Google launches FLEDGE API testing for AdSense
The Privacy Sandbox proposal for audiences and remarketing is called FLEDGE. Its design prevents other parties from using it to observe how users navigate different websites. On August 28, Google will start testing the API with AdSense accounts.
- The title of the interest category, such as “custom-bikes.”
- The interest group’s owner, for instance, is “https://dsp.example.“
If the owner of the group is requested to participate in an online ad auction, the configuration information for the interest group will allow the browser to access bidding code, ad code, and real-time statistics. The owner of the interest group may edit this information at a later time.
The seller of the website can use FLEGDE to run an ad auction to choose the most relevant adverts to display to the users later, when a user visits a website that sells ad space. Only interest groups in which the user is a member and whose owners have been invited to bid are subject to bidding.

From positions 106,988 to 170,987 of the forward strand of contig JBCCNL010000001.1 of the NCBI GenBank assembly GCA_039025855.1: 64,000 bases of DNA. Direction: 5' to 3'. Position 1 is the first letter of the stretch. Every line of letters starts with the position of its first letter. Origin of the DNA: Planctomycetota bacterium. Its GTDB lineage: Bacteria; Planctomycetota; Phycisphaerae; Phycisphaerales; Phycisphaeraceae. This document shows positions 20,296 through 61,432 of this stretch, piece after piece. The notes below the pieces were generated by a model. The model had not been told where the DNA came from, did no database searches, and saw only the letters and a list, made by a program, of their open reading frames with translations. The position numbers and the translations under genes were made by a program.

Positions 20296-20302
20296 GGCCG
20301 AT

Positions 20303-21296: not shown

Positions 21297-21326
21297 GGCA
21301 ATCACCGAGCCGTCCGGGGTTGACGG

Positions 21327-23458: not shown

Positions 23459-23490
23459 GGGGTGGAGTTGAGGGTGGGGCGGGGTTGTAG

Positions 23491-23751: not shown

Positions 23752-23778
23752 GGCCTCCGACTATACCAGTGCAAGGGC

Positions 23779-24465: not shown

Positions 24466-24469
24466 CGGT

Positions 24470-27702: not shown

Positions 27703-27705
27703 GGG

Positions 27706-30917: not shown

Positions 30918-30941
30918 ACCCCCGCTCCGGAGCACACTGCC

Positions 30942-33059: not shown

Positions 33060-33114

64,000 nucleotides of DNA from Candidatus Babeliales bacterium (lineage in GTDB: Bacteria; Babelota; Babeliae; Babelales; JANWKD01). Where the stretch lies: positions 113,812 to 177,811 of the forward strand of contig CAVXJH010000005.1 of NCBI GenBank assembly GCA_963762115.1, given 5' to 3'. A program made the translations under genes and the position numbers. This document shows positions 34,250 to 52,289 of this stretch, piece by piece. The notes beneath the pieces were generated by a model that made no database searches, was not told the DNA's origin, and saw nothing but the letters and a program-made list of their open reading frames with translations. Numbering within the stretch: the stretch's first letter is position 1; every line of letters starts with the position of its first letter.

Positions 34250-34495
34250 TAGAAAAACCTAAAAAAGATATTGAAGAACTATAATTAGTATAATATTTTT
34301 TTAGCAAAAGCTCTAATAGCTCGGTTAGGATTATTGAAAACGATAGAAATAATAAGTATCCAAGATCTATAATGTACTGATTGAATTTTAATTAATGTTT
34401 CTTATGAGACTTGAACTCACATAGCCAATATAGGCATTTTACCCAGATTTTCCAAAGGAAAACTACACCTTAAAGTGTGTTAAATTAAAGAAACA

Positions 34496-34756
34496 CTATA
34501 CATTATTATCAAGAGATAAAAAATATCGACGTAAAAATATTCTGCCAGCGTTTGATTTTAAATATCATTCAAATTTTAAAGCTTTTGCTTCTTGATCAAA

Study up on FLEDGE. The API is covered in further detail here.
Testing of AdSense. On August 28, AdSense will start testing for FLEDGE. For the time being, Google does not foresee any changes in income or performance. By following these instructions, you can prevent Chrome browsers from accessing FLEDGE.
Why we care Last week, Google revealed that cookies would be supported by Chrome at least through the middle of 2024. If the FLEDGE API test is successful, audiences and remarketing advertisements might become less targeted, which might make it harder for advertisers to convert. On the other side, once people are added to interest groups, such as “running shoes,” for instance, it’s possible that they will start receiving more adverts for goods in the same category. Learn how the FLEDGE API might classify your product or service and how this might affect the remarketing advertising you run if you’re an advertiser.